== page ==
MUOS-5 after slight orbit change with issue with propulsion still unsolved
Well known problems with propulsion of United States Navy communication Satellite MUOS-5 are still not explained even after performing visual inspection by one of the GSSAP satellites.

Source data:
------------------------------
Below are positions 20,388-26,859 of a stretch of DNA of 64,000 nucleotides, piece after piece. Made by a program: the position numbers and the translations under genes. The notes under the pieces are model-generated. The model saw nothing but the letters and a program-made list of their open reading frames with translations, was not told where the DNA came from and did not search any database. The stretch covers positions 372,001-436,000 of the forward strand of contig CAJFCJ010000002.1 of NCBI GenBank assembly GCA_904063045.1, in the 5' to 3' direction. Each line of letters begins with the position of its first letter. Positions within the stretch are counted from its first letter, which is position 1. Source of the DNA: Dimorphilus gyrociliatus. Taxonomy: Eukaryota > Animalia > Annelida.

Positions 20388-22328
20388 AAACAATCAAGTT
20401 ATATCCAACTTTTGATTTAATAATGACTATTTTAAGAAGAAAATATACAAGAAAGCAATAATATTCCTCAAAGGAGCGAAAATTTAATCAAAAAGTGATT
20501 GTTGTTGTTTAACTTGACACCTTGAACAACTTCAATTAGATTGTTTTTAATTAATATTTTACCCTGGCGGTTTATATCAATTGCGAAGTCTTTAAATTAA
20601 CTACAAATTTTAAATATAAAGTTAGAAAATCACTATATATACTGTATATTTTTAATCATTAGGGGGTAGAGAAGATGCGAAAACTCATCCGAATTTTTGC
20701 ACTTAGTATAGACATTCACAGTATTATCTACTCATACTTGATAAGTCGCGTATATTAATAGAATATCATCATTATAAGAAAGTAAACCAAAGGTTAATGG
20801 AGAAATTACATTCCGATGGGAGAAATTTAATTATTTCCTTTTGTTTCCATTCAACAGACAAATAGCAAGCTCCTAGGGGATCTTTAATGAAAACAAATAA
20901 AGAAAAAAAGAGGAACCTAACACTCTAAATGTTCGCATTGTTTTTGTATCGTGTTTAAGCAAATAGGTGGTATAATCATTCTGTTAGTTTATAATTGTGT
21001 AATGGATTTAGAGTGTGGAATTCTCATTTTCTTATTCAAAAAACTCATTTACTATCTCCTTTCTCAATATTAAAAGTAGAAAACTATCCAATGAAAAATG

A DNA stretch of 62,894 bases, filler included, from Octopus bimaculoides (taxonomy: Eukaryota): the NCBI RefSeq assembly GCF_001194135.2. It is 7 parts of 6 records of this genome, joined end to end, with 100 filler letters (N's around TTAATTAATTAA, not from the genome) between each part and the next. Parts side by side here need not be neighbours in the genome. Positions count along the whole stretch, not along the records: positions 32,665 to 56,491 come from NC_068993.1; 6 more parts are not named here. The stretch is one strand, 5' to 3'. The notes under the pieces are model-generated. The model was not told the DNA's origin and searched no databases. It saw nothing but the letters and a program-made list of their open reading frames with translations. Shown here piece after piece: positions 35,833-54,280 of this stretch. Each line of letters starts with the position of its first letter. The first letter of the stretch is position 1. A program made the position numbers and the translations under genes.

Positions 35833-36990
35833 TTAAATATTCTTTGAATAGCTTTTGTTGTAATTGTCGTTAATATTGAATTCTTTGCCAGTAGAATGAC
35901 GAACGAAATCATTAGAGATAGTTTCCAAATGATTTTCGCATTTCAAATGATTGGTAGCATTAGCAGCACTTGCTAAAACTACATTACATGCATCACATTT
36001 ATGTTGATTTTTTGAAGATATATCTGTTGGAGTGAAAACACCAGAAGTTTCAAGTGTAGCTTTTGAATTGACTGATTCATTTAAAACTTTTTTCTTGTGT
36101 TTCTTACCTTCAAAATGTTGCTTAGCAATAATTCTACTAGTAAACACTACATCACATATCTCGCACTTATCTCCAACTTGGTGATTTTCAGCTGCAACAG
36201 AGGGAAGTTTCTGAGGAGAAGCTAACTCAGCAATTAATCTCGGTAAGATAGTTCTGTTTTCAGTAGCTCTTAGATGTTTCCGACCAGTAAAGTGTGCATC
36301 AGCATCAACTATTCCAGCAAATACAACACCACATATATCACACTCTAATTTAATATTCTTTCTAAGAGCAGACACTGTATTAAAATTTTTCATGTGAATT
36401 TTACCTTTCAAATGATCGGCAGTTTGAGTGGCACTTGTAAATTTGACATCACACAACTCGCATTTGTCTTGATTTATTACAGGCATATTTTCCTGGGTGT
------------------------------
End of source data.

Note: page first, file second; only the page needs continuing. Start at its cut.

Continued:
Since first problems with MUOS-5 were reported to public in July 2016, U.S. Navy has been trying to solve mysterious ISSue with propulsion. To remind: MUOS-5, representing next generation of Military communication satellites, was Launched on 24th June, 2016 and reached GTO orbit with perigee at 3829 km and apogee 35758 km. Unfortunately it failed (probably after conducting 3 or 4 from planned seven burns) to reach correct orbit for further tests performed from ground station placed at Hawaii. It has remained on orbit with apogee of 5398 km over Pacific with its IHI BT-4 thruster cut off. U.S. Navy announced in the beginning of August, that MUOS-5 will be using its additional 18 thrusters fueled with N2H4 to reach correct orbital position. In the beginning of September MUOS-5 started to use thrusters and slightly changed its orbit for 300 km in the perigee (from 15750 km to 16102 km). Still pace of the orbit change is very slow and probably satellite will fail to keep the schedule with reaching GEO orbit on December 2016. It is worth to mention, that on August 18, 2016, USAF declared that one of the high orbit space surveillance satellites will be commanded to perform visual check of the MUOS-5. This task was performed on August 19 by one from two operational Geosynchronous Space Situational Awareness Program satellites operated by Joint Functional Component Command for Space at Vandenberg Air Force Base in California (first pair of GSSAP satellites were launched in 2014, second pair was launched on August 20, 2016). 1st Space Operations Squadron was ordered to perform rendezvous of GSSAP satellite and took high resolution pictures which could be useful in evaluating reasons of the problem. Unfortunately in spite of general announcement about performed maneuver no detaILS were unveiled. At the moment U.S. Navy or Lockheed Martin, manufacturer of the satellite, are still not able to evaluate condition of their spacecraft.